Friday, January 21, 2011

3 Other Below Zero Science Experiments

These were so much fun to do, mainly I think because I had never done them before and so I was able to experience them for the first time with Isabel.

They are all relatively simplet to do.

The bubble experiment is just blowing bubbles in the air and if it's cold enough they freeze and don't pop when they touch the ground, or don't fully pop. The picture of the single bubble is a full bubble; the picture of multiple bubbles are actually popped but they stayed frozen and the open part is where it "popped'. Then Isabel was touching them to see what happens when she pops them and basically what we found out is that it flakes away. Here we are teaching how the cold air turns a liquid into a solid. Very interesting.

This next experiment ideas came to us compliments of our friend Rebecca who had done it earlier in today. You blow up a beach ball as full as you can, then place it outside and watch as the ball implodes, this happens quite quickly at -20 below. Once it looks like it is done sinking in, bring it in the house and watch as it appears to reinflate. Then you can talk about how the cold makes the air molecules contract and heat makes them expand. We talked about this while the ball was outside and when I explained what was happening, she knew exactly what would happen to the ball.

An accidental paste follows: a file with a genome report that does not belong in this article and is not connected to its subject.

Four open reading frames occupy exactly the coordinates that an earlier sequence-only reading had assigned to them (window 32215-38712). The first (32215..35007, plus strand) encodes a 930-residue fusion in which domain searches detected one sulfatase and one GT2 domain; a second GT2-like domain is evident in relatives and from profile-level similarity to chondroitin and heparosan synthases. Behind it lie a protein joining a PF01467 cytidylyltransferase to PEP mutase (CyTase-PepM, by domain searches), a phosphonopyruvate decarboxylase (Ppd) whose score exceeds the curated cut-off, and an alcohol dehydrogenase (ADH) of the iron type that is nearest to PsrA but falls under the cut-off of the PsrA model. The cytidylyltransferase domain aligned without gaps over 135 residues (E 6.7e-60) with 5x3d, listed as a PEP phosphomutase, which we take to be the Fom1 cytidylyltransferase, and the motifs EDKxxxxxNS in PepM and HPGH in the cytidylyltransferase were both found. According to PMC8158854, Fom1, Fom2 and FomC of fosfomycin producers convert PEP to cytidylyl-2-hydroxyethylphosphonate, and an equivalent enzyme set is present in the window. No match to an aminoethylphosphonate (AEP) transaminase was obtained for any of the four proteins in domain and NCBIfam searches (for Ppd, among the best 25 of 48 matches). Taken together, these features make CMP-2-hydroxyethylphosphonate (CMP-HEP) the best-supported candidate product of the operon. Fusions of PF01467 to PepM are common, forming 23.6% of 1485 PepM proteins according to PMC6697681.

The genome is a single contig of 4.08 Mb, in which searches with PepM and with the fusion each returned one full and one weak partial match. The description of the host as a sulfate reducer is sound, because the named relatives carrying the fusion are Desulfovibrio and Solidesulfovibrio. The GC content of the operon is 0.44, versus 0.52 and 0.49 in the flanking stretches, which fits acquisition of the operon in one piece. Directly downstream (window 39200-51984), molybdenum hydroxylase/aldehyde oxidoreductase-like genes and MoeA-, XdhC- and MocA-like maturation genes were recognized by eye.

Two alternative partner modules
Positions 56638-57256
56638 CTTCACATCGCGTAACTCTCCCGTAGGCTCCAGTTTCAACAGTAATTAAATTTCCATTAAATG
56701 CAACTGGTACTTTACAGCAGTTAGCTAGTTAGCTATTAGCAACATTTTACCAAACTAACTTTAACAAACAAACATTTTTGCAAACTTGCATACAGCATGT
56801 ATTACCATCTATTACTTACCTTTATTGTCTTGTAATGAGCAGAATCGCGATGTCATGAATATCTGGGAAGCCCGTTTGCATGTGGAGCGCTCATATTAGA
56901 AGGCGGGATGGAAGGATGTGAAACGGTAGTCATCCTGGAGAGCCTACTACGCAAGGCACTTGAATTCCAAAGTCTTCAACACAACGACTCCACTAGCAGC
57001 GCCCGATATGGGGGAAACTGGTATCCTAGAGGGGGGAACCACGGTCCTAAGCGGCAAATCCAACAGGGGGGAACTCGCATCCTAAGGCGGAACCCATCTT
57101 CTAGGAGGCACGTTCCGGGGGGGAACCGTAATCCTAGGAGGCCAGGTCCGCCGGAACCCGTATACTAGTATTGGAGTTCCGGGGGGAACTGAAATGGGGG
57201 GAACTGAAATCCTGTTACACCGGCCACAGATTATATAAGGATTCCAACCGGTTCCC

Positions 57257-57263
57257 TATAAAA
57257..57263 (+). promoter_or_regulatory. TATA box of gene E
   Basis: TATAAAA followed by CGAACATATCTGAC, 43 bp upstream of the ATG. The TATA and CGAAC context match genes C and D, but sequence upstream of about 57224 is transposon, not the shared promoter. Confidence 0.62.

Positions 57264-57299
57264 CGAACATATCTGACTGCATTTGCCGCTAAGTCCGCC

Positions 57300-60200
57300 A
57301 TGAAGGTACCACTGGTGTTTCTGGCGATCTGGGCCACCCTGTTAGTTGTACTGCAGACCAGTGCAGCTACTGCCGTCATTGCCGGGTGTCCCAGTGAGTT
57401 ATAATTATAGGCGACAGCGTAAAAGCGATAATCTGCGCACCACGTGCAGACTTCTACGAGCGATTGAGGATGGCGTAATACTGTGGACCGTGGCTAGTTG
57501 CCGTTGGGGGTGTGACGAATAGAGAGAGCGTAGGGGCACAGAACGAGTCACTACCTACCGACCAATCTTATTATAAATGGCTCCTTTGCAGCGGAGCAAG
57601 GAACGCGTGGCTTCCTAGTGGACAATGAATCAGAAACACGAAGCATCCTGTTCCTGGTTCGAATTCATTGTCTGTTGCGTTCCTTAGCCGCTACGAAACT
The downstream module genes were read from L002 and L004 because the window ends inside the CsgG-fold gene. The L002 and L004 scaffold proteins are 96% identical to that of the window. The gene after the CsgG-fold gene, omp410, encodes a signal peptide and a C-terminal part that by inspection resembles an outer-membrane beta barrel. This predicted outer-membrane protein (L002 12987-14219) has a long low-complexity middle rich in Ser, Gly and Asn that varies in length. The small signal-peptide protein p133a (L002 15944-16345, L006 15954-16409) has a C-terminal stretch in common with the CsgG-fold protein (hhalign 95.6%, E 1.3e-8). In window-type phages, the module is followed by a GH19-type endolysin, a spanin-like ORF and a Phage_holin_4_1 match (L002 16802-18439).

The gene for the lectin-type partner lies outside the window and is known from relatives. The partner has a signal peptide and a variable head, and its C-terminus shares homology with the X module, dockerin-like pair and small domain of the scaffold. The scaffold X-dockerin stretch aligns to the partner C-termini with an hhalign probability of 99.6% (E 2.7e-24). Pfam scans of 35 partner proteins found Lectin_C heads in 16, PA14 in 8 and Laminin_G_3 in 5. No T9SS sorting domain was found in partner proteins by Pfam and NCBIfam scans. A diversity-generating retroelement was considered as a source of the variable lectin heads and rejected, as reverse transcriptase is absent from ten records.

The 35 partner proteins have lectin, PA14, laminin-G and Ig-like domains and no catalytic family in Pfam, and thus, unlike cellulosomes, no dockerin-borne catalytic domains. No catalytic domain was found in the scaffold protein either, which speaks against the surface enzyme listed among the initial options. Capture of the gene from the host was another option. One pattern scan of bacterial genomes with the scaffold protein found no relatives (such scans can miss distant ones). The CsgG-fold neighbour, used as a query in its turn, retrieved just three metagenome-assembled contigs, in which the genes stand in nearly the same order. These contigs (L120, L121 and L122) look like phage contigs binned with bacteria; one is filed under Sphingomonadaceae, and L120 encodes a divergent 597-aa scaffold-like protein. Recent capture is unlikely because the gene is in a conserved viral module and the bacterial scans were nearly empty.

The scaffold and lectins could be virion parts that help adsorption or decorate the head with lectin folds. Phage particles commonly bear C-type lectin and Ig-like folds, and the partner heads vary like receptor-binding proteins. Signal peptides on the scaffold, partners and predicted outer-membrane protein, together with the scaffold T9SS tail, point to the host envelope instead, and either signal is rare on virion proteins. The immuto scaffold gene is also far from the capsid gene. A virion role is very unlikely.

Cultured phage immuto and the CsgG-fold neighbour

For the egg experiment you crack an egg outside ( I did it in a pie tin) and time it to show how long it takes to freeze. This demonstrates how fast frostbite can happen. Then to take it a step further, when you unthaw it you can explore how part of the egg changed in color & consistency due to frostbite. What we found is that it immediately stated freeezing on the thin edges right after we cracked it into the pie tin (which was in the house, could you imagine if we had frozen the pie tin first). Then at 12 minutes, all but the thickest parts were frozen. At 20 minutes the entire thing was one very solid frozen mass and you could see thta part of the egg were changing color due to the frostbite. We brought it inside and after 20 minutes it was still mostly frozen. So, Isabel decided to experiment with 1st blowing bubbles on it (which did nothing to help thaw) and then putting liquid soap on it (which did nothing to help thaw) and finally put warm water on it (which thawed it, these were all her own ideas to try), but then we found that the discolored areas stayed that way and their consistency changed as well in the frostbit area.
What fun experiments! But now we are staying indoors the rest of the day. It's 1:30pm and we haven't reached 0 yet.



1 comment:

Valerie @ Frugal Family Fun Blog said...

Ooo... I have a feeling the bubble blowing experiment would be a big hit around here! Great idea!!